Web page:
WASHINGTON, D.C. -- Cities nationwide are likely spending about $70 million per week on additional homeland security measures due to the war in Iraq and national high state of threat alert, according to a new 145-city survey by the U.S. Conference of Mayors
The 145 cities participating in the survey are geographically and politically diverse, ranging in size from 30,000 to eight million people. They are spending more than $21.4 million per week on additional homeland security efforts because of the war and national "orange" threat alert level, the USCM said.
The USCM's methodology projects a figure of nearly $70 million for the 1,185 cities nationwide with population of more than 30,000 based on the data received from this sample pool of cities.
At that rate, a six- month period of war and/or high alert status would cost cities nearly $2 billion, according to the USCM. The costs reflected in the survey come on top of existing homeland security spending already underway or planned since Sept. 11. The survey asked cities about direct costs -- new money that had to be allocated for homeland security because of the war or threat alert level, and the figures do not account for the huge indirect costs cities are experiencing, the USCM said.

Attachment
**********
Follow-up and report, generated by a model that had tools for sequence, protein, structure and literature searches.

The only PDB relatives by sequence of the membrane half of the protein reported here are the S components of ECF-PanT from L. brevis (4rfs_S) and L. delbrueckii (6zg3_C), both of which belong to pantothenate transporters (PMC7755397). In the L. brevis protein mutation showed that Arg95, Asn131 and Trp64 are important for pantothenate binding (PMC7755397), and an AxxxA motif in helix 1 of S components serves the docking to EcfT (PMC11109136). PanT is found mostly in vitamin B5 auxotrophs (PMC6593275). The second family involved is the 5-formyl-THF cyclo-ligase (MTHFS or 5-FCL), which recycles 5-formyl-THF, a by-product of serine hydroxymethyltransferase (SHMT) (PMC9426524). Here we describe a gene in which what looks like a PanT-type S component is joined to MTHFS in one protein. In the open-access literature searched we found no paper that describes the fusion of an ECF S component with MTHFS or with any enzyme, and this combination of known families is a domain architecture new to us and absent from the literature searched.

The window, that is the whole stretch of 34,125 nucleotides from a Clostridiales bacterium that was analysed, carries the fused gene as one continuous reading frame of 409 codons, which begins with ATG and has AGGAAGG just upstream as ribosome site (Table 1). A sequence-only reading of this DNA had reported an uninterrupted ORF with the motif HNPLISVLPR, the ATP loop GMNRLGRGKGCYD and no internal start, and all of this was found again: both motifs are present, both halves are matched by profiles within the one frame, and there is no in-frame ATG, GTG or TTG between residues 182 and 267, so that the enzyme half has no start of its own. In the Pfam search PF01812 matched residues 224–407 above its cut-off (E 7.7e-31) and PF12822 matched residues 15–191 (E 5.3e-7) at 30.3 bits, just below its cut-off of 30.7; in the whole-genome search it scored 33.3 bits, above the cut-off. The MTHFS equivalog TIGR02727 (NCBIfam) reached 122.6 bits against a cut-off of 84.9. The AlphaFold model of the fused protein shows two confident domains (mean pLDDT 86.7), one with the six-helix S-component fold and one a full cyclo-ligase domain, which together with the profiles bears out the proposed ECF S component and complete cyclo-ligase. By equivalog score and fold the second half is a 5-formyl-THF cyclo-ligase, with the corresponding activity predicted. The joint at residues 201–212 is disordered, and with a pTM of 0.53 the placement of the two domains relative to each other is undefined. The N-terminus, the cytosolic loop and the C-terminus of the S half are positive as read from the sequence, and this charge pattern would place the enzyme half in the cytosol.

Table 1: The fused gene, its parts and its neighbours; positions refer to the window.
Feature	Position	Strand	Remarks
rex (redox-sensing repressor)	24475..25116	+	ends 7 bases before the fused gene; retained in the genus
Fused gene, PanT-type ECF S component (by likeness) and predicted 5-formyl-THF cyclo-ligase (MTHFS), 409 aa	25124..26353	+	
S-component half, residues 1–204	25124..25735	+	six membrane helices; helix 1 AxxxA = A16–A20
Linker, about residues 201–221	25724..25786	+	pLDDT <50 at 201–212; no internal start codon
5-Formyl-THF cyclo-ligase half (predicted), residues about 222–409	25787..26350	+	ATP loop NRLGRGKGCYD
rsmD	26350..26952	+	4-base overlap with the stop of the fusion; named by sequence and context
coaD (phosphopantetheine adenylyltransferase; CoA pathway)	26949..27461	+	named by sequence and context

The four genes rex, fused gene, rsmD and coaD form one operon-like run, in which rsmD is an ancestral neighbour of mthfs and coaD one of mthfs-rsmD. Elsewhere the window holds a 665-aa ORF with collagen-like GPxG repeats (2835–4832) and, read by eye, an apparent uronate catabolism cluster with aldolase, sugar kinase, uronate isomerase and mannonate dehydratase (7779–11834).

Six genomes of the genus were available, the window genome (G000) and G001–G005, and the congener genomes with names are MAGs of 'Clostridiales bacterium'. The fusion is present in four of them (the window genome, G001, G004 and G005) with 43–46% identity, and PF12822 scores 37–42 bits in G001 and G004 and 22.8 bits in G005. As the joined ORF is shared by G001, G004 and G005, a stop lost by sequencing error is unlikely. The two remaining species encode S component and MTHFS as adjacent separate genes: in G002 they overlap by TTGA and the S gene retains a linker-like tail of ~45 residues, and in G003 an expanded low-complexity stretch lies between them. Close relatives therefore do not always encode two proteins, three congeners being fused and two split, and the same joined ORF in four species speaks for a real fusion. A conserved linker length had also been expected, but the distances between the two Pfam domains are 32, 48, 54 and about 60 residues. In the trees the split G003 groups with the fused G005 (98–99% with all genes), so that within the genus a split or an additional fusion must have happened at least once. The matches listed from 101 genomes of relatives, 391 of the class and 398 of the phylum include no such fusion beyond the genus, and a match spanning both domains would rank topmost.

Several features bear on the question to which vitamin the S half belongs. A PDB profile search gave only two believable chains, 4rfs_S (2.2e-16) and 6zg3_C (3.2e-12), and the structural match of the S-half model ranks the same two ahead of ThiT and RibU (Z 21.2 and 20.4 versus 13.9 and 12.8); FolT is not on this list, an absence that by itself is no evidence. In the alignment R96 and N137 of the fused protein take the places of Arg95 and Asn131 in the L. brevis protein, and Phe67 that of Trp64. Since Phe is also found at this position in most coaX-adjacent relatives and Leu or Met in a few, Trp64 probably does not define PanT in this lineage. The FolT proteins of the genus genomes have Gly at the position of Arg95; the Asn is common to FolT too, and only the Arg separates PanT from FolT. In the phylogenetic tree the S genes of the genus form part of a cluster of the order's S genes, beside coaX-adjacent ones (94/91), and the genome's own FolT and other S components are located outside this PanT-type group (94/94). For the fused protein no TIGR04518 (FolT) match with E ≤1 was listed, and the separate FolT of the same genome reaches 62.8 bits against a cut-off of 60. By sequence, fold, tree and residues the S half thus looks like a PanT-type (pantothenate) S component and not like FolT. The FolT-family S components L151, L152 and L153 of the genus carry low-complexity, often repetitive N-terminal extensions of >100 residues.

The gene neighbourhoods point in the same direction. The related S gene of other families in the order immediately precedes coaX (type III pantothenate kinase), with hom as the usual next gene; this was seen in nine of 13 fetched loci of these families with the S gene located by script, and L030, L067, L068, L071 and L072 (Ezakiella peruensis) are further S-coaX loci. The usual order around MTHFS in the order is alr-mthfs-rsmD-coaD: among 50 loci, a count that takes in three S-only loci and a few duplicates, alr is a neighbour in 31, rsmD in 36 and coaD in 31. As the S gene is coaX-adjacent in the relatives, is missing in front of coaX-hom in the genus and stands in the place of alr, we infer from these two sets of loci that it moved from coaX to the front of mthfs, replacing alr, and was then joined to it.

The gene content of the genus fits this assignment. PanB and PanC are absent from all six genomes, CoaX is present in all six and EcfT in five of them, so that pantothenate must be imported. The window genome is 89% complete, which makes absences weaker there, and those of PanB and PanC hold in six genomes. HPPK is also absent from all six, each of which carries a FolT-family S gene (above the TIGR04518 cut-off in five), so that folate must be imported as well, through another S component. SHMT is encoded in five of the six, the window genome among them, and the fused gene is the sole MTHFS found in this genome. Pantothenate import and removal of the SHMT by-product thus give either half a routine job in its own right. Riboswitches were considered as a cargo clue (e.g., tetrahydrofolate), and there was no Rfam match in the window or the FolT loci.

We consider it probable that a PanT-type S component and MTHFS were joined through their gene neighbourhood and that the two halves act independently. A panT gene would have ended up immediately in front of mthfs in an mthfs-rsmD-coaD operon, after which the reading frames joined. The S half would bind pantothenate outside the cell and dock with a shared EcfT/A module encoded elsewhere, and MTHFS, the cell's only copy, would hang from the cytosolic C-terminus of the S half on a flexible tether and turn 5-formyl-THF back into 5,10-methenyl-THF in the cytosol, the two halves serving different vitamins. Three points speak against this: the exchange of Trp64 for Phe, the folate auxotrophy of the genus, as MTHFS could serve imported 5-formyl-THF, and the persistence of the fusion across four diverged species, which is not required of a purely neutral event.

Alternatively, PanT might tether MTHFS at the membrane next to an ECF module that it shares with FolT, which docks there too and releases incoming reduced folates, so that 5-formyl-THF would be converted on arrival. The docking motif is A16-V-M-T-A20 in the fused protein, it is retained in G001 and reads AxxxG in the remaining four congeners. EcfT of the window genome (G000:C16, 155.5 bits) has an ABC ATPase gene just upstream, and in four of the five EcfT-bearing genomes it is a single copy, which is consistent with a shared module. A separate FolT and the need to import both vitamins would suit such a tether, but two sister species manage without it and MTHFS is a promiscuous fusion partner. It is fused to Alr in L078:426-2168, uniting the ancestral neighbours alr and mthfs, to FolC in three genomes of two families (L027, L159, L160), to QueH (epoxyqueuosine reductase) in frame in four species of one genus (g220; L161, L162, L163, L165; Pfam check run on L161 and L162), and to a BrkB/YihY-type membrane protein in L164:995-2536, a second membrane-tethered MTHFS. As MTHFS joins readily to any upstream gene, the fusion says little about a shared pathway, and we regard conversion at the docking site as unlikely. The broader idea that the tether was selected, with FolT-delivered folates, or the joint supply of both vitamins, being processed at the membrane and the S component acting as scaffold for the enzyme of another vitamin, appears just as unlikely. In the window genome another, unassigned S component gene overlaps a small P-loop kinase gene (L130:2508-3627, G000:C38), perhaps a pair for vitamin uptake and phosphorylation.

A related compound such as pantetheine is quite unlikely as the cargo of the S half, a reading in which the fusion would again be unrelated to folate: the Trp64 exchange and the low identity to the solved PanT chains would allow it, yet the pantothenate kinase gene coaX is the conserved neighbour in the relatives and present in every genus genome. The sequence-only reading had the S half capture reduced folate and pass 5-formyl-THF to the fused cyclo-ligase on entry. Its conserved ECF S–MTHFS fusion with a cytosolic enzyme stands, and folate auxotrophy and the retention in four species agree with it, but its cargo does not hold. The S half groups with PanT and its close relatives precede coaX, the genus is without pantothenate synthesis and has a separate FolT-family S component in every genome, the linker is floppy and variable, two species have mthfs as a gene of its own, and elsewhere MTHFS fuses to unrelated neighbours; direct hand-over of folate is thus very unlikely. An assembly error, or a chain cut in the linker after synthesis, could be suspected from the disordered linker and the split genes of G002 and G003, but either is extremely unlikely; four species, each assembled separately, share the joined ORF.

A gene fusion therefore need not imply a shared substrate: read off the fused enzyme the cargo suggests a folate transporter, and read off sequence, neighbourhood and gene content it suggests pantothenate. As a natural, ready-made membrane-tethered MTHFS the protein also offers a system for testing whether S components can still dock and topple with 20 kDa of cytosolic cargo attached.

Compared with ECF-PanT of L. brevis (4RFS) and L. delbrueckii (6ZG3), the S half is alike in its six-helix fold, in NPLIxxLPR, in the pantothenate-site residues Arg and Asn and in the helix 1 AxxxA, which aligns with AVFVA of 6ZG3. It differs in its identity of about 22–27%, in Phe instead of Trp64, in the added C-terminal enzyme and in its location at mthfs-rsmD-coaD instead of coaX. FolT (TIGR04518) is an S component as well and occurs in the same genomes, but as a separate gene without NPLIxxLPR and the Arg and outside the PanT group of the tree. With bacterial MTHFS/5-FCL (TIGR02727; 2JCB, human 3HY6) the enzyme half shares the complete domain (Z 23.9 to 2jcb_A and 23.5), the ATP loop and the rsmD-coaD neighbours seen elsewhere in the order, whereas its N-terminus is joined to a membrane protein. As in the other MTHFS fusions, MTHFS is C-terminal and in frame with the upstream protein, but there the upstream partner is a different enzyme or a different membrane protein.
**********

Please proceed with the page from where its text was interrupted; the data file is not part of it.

When a police officer normally assigned to anti-gang work is reassigned to guard a public building that is an indirect but very real cost for a city and its residents. The figures also exclude major equipment purchases or other security needs that are not directly related to the current state of alert and homeland preparedness given the war.
A prior survey found cities expected to spend more than $2.6 billion on homeland security between September 11, 2001 and the end of 2002.
"Mayors need direct homeland security funding and we needed it more than 18 months ago," said Baltimore Mayor Martin O'Malley, who chairs the Mayors' Homeland Security Task Force. "Our domestic troops -- police, fire, and emergency medical personnel -- must be well funded just as our troops in Iraq must be."
Cities have received little direct federal assistance for homeland security since the attack on September 11, the USCM said. This week, President Bush proposed an additional $1.4 billion in aid for local governments, recommending that all but $50 million of that funding be channeled first through state bureaucracies.
"Cities continue to bear tremendous and growing costs to ensure security and protect their residents and businesses in these tough times," said Boston Mayor and Conference President Thomas Menino. "Cities urgently need direct, flexible financial assistance to meet their homeland security needs"